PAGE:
FIG. 3 is a diagram of maps of cosmid csy75, cSy13 and cSy7 with overlapping regions and subclones. The origins of subclones of csy75, csy75-3.5 and cSy7 are indicated by the dashed diagonal lines. Restriction sites that have been inactivated are in parentheses.

FIGS. 4A-4B provides gas liquid chromatography profiles of wild type (Panel 4A) and transgenic (Panel 4B) tobacco.

DETAILED DESCRIPTION OF THE INVENTION

The present invention provides an isolated nucleic acid encoding Δ6-desaturase. To identify a nucleic acid encoding Δ6-desaturase, DNA is isolated from an organism which produces GLA. Said organism can be, for example, an animal cell, certain fungi (e.g. Mortierella), certain bacteria (e.g. Synechocystis) or certain plants (borage, Oenothera, currants). The isolation of genomic DNA can be accomplished by a variety of methods well-known to one of ordinary skill in the art, as exemplified by Sambrook et al. (1989) in Molecular Cloning: A Laboratory Manual, Cold Spring Harbor, N.Y. The isolated DNA is fragmented by physical methods or enzymatic digestion and cloned into an appropriate vector, e.g. a bacteriophage or cosmid vector, by any of a variety of well-known methods which can be found in references such as Sambrook et al. (1989). Expression vectors containing the DNA of the present invention are specifically contemplated herein. DNA encoding Δ6-desaturase can be identified by gain of function analysis. The vector containing fragmented DNA is transferred, for example by infection, transconjugation, transfection, into a host organism that produces linoleic acid but not GLA. As used herein, "transformation" refers generally to the incorporation of foreign DNA into a host cell. Methods for introducing recombinant DNA into a host organism are known to one of ordinary skill in the art and can be found, for example, in Sambrook et al. (1989). Production of GLA by these organisms (i.e., gain of function) is assayed, for example by gas chromatography or other methods known to the ordinarily skilled artisan. Organisms which are induced to produce GLA, i.e. have gained function by the introduction of the vector, are identified as expressing DNA encoding Δ6-desaturase, and said DNA is recovered from the organisms. The recovered DNA can again be fragmented, cloned with expression vectors, and functionally assessed by the above procedures to define with more particularity the DNA encoding Δ6-desaturase.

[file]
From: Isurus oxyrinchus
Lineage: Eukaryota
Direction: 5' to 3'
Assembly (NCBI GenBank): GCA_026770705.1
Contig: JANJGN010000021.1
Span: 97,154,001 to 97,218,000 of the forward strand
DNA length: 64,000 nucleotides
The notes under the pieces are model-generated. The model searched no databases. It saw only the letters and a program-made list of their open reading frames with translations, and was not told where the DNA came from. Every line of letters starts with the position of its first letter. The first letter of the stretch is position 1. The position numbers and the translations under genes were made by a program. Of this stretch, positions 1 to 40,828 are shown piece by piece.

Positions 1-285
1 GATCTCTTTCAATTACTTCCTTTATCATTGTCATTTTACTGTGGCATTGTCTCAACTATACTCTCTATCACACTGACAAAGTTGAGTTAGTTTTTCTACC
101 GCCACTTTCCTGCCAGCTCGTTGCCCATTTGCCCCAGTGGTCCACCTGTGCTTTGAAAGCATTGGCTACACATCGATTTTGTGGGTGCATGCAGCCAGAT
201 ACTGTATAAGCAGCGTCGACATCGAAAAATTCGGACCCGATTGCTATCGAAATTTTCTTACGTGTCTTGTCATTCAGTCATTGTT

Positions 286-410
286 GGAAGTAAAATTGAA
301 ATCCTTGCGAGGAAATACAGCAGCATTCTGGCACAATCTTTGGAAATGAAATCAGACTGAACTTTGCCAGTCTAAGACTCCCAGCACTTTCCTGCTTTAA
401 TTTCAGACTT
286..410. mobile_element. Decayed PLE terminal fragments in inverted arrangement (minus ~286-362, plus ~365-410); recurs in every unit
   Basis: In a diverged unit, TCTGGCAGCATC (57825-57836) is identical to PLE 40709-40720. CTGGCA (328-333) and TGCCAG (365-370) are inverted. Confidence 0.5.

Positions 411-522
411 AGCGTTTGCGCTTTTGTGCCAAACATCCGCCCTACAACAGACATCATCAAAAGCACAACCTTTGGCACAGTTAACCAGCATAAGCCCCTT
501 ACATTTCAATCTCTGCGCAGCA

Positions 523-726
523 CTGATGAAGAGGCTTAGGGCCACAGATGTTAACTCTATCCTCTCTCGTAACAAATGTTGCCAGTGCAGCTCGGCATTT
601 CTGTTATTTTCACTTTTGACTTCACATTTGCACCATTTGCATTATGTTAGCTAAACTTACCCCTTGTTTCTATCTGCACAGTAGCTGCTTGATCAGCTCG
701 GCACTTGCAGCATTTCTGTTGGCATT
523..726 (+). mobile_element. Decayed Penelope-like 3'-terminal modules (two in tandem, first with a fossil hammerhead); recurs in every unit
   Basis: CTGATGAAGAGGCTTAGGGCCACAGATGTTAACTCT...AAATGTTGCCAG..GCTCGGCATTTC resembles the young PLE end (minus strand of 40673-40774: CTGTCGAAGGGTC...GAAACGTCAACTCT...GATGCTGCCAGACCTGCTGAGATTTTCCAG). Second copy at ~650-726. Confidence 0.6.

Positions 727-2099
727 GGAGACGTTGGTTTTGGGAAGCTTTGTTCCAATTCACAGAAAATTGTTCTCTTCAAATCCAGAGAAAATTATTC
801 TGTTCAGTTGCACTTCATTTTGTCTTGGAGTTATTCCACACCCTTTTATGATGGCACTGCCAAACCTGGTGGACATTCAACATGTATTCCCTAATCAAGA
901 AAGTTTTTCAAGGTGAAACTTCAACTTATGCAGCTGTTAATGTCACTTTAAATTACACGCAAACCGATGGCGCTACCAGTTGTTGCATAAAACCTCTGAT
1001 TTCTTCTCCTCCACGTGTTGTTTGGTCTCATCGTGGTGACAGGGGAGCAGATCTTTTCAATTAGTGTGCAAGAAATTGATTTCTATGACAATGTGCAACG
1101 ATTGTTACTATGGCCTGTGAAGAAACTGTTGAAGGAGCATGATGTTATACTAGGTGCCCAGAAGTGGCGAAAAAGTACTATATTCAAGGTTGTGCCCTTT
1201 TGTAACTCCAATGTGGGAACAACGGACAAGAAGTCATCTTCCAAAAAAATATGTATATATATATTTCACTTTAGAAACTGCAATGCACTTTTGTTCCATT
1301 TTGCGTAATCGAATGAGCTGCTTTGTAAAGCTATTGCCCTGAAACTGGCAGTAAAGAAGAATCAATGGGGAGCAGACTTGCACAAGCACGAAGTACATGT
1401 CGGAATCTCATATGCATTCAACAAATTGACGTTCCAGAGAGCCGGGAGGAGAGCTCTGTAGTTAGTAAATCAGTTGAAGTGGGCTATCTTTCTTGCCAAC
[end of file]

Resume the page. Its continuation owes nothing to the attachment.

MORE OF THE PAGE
As an example of the present invention, random DNA is isolated from the cyanobacteria Synechocystis Pasteur Culture Collection (PCC) 6803, American Type Culture Collection (ATCC) 27184, cloned into a cosmid vector, and introduced by transconjugation into the GLAd-deficient cyanobacterium Anabaena strain PCC 7120, ATCC 27893. Production of GLA from Anabaena linoleic acid is monitored by gas chromatography and the corresponding DNA fragment is isolated.

The isolated DNA is sequenced by methods wellknown to one of ordinary skill in the art as found, for example, in Sambrook et al. (1989).

In accordance with the present invention, a DNA comprising a Δ6-desaturase gene has been isolated. More particularly, a 3.588 kilobase (kb) DNA comprising a Δ6-desaturase gene has been isolated from the cyanobacteria Synechocystis. The nucleotide sequence of the 3.588 kb DNA was determined and is shown in SEQ ID NO:1. Open reading frames defining potential coding regions are present from nucleotide 317 to 1507 and from nucleotide 2002 to 3081. To define the nucleotides responsible for encoding Δ6-desaturase, the 3.588 kb fragment that confers Δ6-desaturase activity is cleaved into two subfragments, each of which contains only one open reading frame. Fragment ORF1 contains nucleotides 1 through 1704, while fragment ORF2 contains nucleotides 1705 through 3588. Each fragment is subcloned in both forward and reverse orientations into a conjugal expression vector (AM542, Wolk et al. [1984] Proc. Natl. Acad. Sci. USA 81, 1561) that contains a cyanobacterial carboxylase promoter. The resulting constructs (i.e. ORF1(F), ORF1(R), ORF2(F) and ORF2(R)] are conjugated to wild-type Anabaena PCC 7120 by standard methods (see, for example, Wolk et al. (1984) Proc. Natl. Acad. Sci. USA 81, 1561). Conjugated cells of Anabaena are identified as NeoR green colonies on a brown background of dying non-conjugated cells after two weeks of growth on selective media (standard mineral media BG11N+ containing 30 μg/ml of neomycin according to Rippka et al., (1979) J. Gen Microbiol. 111, 1). The green colonies are selected and grown in selective liquid media (BG11N+ with 15 μg/ml neomycin). Lipids are extracted by standard methods (e.g. Dahmer et al., (1989) Journal of American Oil Chemical Society 66, 543) from the resulting transconjugants containing the forward and reverse oriented ORF1 and ORF2 constructs. For comparison, lipids are also extracted from wild-type cultures of Anabaena and Synechocystis. The fatty acid methyl esters are analyzed by gas liquid chromatography (GLC), for example with a Tracor-560 gas liquid chromatograph equipped with a hydrogen flame ionization detector and a capillary column. The results of GLC analysis are shown in Table 1.